I just love this: it says to readers that they must accept the book on its own terms, must take the time to appreciate how it works. This kind of interjection would normally derail a novel completely, but it’s integral to the project of Redemption in Indigo; and, once you get into the rhythm of the book, I think it’s nigh-on impossible not to be carried along.

Redemption in Indigo balances traditional roots with what feels a very contemporary take on the folktale form.For one thing, Lord includes modern details – antacid chews, buses – in a setting that nevertheless seems timeless; it doesn’t feel forced or strange that she has done this – it’s just that the specific temporal markers are largely irrelevant. Redemption in Indigo also feels contemporary because it has underpinnings in quantum physics. That’s the level on which the Chaos Stick works, and the indigo lord is keen to show Paama that tiny changes can have far-reaching – and sometimes unintended – consequences. It’s an archetypal ‘character learns better’ scenario, but placed in a scientific framework.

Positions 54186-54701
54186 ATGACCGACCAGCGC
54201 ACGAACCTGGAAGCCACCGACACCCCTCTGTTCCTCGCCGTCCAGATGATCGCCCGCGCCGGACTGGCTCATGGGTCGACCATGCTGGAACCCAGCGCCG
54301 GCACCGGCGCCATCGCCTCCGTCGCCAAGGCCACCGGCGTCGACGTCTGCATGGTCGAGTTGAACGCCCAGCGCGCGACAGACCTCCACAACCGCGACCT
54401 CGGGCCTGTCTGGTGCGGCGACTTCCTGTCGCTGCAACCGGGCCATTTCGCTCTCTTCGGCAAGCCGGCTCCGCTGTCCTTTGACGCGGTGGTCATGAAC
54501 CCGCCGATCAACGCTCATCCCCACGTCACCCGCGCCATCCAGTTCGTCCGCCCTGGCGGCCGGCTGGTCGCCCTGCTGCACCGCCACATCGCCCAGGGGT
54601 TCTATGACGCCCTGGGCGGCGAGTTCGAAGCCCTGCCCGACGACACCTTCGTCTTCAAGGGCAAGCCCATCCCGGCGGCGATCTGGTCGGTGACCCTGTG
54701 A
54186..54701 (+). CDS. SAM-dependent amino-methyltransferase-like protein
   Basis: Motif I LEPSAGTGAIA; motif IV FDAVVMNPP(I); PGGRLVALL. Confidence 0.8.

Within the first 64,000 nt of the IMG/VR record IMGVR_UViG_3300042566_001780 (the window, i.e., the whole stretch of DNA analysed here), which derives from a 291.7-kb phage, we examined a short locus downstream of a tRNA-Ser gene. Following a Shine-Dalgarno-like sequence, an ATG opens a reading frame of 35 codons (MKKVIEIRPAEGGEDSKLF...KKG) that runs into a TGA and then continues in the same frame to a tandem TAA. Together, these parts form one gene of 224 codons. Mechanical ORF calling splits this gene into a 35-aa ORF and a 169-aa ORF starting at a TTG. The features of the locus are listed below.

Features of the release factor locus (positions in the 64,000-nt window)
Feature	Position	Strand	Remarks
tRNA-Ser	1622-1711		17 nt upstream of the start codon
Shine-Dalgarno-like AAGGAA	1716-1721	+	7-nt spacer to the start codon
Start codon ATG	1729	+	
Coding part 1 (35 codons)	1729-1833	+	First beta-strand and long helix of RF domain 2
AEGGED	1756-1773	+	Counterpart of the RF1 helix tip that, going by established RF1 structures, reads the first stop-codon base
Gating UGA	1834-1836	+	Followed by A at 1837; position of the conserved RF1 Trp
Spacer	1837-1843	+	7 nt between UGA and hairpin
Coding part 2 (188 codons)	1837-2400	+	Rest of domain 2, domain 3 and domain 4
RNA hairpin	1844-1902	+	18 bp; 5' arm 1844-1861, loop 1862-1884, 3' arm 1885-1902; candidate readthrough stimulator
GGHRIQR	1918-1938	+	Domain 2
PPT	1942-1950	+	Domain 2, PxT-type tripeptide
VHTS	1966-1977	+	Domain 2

So the plot of Lord’s novel is all about choices and having multiple options; but this theme is embedded even deeper in the text. The narrator is at pains to point out that this story has a moral, but rather less eager be specific what that moral is. The tale is left open, in terms of what we are to think about it (‘I have no way of knowing which of these characters will most capture your attention and sympathy,’ pp. 265-6) and its ending (‘Do I have more stories to tell? There are always more stories,’ p. 266) – but even that isn’t left to stand, as the epilogue brings a more novelistic conclusion. As in quantum theory, multiple possibilities exist within the text, yet to collapse into something definitive.

Redemption in Indigo is a novel of contradictions: written yet spoken; defiantly ragged but carefully controlled; a book that swears to your face it’s didactic whilst telling you to nothing but make up your own mind. It embraces yet subverts the folktale form by giving its comic beginning a certain dramatic weight by the end, and turning its characters (both human and djombi) into rounded individuals who can learn from and teach each other in equal measure. And it’s enormous fun to read; heartily recommended.